Oroville fifth-graders visit radio telescope at Monse

MONSE - On May 25, Dave Taylor's fifth-grade class took a field trip to Monse to visit the Very Long...

Students in small groups climbed several sets of steps to climb up to a small room below the radio telescope dish, which is part of the Very Long Baseline Array that comprises 10 of these antennae to gather radio waves from outer space. Photos by Dave Tay

Students in small groups climbed several sets of steps to climb up to a small room below the radio telescope dish, which is part of the Very Long Baseline Array that comprises 10 of these antennae to gather radio waves from outer space. Photos by Dave Tay

MONSE – On May 25, Dave Taylor’s fifth-grade class took a field trip to Monse to visit the Very Long Baseline Array (VLBA) radio telescope antenna.

This is the big satellite dish that can be seen close the river at Monse. The antenna is one ten that make a 5,300 mile array forming one huge radio telescope which receives radio waves from outer space.

The students were very impressed with the size of the dish – 85-feet in diameter and ten stories high. They had to hike up several flights of ladders then walk across a hanging wobbly bridge before entering the two-story room just below the dish. The climb made some of the students very dizzy. Those two rooms are packed with instruments for receiving information – lots of stainless steel and hospital clean.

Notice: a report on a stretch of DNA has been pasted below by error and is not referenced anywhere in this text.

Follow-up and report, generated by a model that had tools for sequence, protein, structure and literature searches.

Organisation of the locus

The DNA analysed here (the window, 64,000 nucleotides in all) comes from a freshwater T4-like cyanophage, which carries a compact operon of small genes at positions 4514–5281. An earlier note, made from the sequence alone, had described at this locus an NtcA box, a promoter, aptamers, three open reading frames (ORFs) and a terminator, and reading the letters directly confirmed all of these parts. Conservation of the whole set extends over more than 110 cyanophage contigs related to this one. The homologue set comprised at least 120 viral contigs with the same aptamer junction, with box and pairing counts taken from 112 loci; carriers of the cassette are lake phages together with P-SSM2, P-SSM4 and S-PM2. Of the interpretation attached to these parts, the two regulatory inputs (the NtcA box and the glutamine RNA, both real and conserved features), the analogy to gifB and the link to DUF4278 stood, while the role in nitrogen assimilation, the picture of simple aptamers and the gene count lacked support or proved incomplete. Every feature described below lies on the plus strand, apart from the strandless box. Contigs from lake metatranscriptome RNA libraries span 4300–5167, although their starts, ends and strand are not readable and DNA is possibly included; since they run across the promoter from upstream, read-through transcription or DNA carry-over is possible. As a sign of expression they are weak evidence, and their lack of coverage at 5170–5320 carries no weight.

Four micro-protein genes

Then we toured the small brown building where all the information is gathered on disk packs sent to New Mexico where they read the information from all ten antennae.

We would like thank Mr. Hofmann for his patience and hospitality. He had to make many trips up those steps because the groups had to be kept small.

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